Spiritual retreat: can lower depression, raise hope in heart patients.
Article Type: Brief article
Subject: Heart attack (Risk factors)
Heart attack (Research)
Cardiac patients (Health aspects)
Depression, Mental (Risk factors)
Depression, Mental (Research)
Pub Date: 09/22/2011
Publication: Name: Annals of the American Psychotherapy Association Publisher: American Psychotherapy Association Audience: Academic; Professional Format: Magazine/Journal Subject: Psychology and mental health Copyright: COPYRIGHT 2011 American Psychotherapy Association ISSN: 1535-4075
Issue: Date: Fall-Winter, 2011 Source Volume: 14 Source Issue: 3
Topic: Event Code: 310 Science & research
Geographic: Geographic Scope: United States Geographic Code: 1USA United States
Accession Number: 277270185
Full Text: Attending a non-denominational spiritual retreat can help patients with severe heart trouble feel less depressed and more hopeful about the future, a University of Michigan Health System study has found.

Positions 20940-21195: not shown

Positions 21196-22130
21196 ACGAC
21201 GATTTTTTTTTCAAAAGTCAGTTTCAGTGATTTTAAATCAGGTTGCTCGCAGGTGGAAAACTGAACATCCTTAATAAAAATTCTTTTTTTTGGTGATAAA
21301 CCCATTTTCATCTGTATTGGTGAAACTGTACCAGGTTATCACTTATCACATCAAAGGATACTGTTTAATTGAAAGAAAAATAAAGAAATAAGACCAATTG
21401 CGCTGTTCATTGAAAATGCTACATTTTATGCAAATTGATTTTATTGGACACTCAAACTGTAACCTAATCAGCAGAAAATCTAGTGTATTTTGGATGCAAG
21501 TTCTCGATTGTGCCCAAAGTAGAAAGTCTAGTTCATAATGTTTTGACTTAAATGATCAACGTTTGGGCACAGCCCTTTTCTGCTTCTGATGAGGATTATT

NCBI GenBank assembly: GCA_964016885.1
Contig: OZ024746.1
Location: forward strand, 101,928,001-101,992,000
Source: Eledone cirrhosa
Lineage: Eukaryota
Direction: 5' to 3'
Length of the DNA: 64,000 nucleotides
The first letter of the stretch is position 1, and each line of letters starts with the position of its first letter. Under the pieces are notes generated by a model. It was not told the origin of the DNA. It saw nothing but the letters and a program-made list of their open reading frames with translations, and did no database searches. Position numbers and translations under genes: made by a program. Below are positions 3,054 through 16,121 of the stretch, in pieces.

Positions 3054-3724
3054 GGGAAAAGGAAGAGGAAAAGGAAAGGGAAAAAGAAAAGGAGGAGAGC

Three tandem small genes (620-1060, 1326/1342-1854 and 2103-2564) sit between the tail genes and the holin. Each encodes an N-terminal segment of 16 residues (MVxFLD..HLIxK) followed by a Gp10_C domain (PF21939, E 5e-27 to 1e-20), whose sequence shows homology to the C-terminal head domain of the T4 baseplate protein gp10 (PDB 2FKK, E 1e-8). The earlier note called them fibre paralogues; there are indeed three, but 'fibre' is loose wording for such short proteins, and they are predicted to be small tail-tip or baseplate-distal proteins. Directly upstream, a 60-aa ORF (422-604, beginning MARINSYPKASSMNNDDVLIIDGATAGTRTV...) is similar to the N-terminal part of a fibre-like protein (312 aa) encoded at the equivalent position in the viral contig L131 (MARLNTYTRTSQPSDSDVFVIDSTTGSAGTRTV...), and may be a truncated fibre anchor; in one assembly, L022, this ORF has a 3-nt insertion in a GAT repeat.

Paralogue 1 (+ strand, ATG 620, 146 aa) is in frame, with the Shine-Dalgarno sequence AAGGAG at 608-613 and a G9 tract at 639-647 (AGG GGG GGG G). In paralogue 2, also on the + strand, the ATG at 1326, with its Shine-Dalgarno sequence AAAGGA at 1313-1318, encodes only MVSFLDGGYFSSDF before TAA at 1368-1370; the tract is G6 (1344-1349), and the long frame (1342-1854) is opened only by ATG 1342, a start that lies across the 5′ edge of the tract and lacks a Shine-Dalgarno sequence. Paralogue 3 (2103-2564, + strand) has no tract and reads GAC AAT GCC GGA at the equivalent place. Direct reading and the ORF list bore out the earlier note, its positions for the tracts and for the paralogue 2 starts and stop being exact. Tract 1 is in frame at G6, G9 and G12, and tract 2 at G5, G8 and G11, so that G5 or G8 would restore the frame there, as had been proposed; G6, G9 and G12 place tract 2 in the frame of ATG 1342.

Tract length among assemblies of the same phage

Heart patients who participated in a four-day retreat that included techniques such as meditation, guided imagery, drumming, journal writing, and outdoor activities saw immediate improvement in tests measuring depression and hopefulness. Those improvements persisted at three-and six-month follow-up measurements.

The study was the first randomized clinical trial to demonstrate an intervention that raises hope in patients with acute coronary syndrome, a condition that includes chest pain and heart attack. Previous research has shown that hope and its opposite, hopelessness, have an impact on how patients face uncertain futures.

"The study shows that a spiritual retreat like the Medicine for the Earth program can jumpstart and help to maintain a return to psycho-spiritual well-being," says study lead author Sara Warber, M.D., associate professor of family medicine at the U-M Medical School and director of U-M's Integrative Medicine program. "These types of interventions may be of particular interest to patients who do not want to take antidepressants for the depression symptoms that often accompany coronary heart disease and heart attack."

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The findings were published in the July issue of Explore: the Journal of Science and Healing.
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